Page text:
By Ericka Chickowski
Nov 19, 2010
The danger of SQL injection last week hit the limelight once again when
the British Royal Navy's website was shut down temporarily in response
to an attack that had Royal Navy brass wondering whether the hack
resulted in unauthorized access to sensitive back-end database files.
Following investigation, the Royal Navy released a statement that "no
malicious damage had been done" and that "access to this website did not
give the hacker access to any classified information." But the attack
was a splashy highlight to the dangers of SQL injections, which,
according to the recently released Verizon Business 2010 Payment Card
Industry Compliance Report, is the No. 2 most utilized threat action
causing payment card breaches, just behind backdoors.
In a report released by Cisco this week, the firm said SQL injections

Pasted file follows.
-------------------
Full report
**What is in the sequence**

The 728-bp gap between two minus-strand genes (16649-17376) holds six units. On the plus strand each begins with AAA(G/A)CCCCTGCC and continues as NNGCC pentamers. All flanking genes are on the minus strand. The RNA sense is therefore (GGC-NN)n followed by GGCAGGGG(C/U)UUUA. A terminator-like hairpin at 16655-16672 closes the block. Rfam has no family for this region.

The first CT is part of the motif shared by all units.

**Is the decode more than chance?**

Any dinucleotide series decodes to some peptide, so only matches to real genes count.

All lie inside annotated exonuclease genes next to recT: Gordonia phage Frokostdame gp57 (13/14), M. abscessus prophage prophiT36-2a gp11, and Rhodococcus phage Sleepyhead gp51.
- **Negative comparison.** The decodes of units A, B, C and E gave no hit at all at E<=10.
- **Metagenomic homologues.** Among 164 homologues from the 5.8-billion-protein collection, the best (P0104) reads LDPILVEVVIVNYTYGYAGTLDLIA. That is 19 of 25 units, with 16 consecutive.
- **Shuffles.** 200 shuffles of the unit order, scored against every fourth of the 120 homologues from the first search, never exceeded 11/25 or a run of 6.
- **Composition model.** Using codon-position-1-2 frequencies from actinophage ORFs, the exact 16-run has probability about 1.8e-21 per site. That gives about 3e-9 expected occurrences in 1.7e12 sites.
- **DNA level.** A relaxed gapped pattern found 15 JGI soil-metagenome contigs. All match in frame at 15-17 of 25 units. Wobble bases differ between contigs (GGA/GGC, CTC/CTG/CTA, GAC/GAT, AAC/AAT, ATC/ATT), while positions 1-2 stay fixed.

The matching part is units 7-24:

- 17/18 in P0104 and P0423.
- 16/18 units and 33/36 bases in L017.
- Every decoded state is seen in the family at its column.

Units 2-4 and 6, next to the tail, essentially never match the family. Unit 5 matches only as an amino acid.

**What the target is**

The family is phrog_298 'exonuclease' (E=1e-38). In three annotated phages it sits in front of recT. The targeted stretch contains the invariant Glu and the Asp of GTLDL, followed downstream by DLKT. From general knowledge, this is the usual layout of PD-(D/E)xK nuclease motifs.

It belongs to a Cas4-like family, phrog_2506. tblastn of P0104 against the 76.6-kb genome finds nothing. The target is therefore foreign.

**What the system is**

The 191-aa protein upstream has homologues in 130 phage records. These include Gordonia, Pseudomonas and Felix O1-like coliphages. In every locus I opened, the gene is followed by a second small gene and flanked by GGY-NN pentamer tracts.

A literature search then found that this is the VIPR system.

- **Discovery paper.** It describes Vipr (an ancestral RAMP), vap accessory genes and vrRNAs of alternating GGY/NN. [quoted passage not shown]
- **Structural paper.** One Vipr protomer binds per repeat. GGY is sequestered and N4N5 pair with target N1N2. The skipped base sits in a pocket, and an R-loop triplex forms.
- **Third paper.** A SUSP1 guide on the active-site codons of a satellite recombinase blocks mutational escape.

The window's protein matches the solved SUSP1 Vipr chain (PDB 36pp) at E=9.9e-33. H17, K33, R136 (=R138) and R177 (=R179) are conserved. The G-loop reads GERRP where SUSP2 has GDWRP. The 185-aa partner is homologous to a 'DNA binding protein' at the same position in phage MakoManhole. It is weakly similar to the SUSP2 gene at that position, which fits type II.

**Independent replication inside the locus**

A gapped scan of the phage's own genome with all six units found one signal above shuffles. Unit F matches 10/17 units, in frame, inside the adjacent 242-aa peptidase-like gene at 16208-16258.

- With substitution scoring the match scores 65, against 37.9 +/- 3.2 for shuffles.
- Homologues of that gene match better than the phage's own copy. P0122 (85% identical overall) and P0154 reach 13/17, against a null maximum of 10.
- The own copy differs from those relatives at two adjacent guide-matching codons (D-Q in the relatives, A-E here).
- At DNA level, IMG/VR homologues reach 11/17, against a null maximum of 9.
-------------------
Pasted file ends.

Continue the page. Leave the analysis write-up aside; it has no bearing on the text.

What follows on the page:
made up 36.86 of all events recorded by Cisco Remote Operations
Services. "SQL injection is not caused by a vulnerability per se, but
rather is due to the website [or] database administrator's failure to
parameterize or properly escape characters and strings in SQL queries,"
says Mary Landesman, market intelligence manager at Cisco. "This allows
attackers to submit a query that is acted upon as if it were an actual
command to take some particular action against the database, rather than
the expected query to just return the data intended."
According to Jeromie Jackson, president of the San Diego OWASP chapter
and a security trainer for developers, SQL injection attacks pose a big
danger to back-end databases when combined with other simple attacks.
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